Fujitsu Laboratories Ltd. says it has developed an integrated silicon optical transmitter for use in optical transceivers that will enable large volumes of data to be transmitted between computer central processing units (CPUs).
Several organizations have investigated the use of optical connections for chip-to-chip communications (see, for example, "Avago Technologies offers 120 Gbps parallel optics in CXP, MiniPOD formats"). According to Fujitsu Labs, thermal fluctuations from the heat emitted by CPUs have a large impact on both the light source built into optical transmitters located near CPUs and the separate optical modulator that encodes data into the light emitted from the light source. A thermal control mechanism is usually required to ensure that the operating wavelengths of both the light source and optical modulator consistently match.
Fujitsu Labs had previously devised a structure incorporating both the light source and optical modulator and demonstrated that separate prototypes of the light source and the optical modulator had identical thermal properties. This structure used identical ring resonators for both the wavelength control unit of the light source and the optical modulator. This time, the company used this structure to make a prototype optical transmitter with the light source and optical modulator integrated on the same silicon chip (see figure, courtesy of Fujitsu Laboratories).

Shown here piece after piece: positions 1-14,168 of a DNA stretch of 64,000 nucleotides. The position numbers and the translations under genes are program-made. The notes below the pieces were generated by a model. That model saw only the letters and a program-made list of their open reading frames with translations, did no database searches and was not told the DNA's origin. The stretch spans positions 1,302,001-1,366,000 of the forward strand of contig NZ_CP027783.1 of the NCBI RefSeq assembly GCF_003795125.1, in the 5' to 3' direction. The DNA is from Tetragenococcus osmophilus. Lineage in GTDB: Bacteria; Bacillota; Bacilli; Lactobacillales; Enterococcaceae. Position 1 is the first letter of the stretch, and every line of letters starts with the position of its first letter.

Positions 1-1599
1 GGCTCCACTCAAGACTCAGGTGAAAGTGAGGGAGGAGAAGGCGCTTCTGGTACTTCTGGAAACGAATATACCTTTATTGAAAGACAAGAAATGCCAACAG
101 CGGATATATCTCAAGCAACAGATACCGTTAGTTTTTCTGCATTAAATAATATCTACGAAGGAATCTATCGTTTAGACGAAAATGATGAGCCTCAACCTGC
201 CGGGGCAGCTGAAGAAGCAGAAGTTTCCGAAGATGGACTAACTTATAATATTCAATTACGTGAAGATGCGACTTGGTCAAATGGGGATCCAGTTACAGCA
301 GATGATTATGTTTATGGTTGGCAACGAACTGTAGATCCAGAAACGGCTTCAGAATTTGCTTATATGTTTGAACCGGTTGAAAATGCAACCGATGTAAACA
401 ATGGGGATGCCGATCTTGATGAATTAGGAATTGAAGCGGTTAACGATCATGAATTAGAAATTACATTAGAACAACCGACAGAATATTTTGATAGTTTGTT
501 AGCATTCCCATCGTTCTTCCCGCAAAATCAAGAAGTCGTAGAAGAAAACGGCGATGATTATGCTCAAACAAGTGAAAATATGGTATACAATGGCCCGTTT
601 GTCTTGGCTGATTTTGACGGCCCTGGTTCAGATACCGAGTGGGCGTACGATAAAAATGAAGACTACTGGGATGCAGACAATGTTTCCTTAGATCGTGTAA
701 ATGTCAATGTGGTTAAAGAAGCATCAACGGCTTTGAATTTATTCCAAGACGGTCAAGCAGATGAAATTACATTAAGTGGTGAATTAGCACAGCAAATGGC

Using this prototype, Fujitsu Laboratories demonstrated optical modulation at speeds of 10 Gbps at temperatures ranging from 25°C to 60°C without a thermal-control mechanism. Moreover, the electricity consumed by the optical transmitter was reduced by roughly half compared to previous methods, according to the laboratory.
This technology enables compact, low-power optical transceivers to be mounted directly in CPU packaging, the company says. By further increasing the speed of the optical transmitter and integrating multiple transmitters on one chip using wavelength multiplexing, it will be possible to create optical transmitters small enough to be embedded into CPU modules that are capable of transmitting data at rates of several terabits per second. The ultimate aim is to apply this technology in exaflops-class supercomputers and high-end servers for mega data centers.
Details of this technology will be presented at the 9th Group IV Photonics international conference (GFP 2012), running August 29—31 in San Diego.
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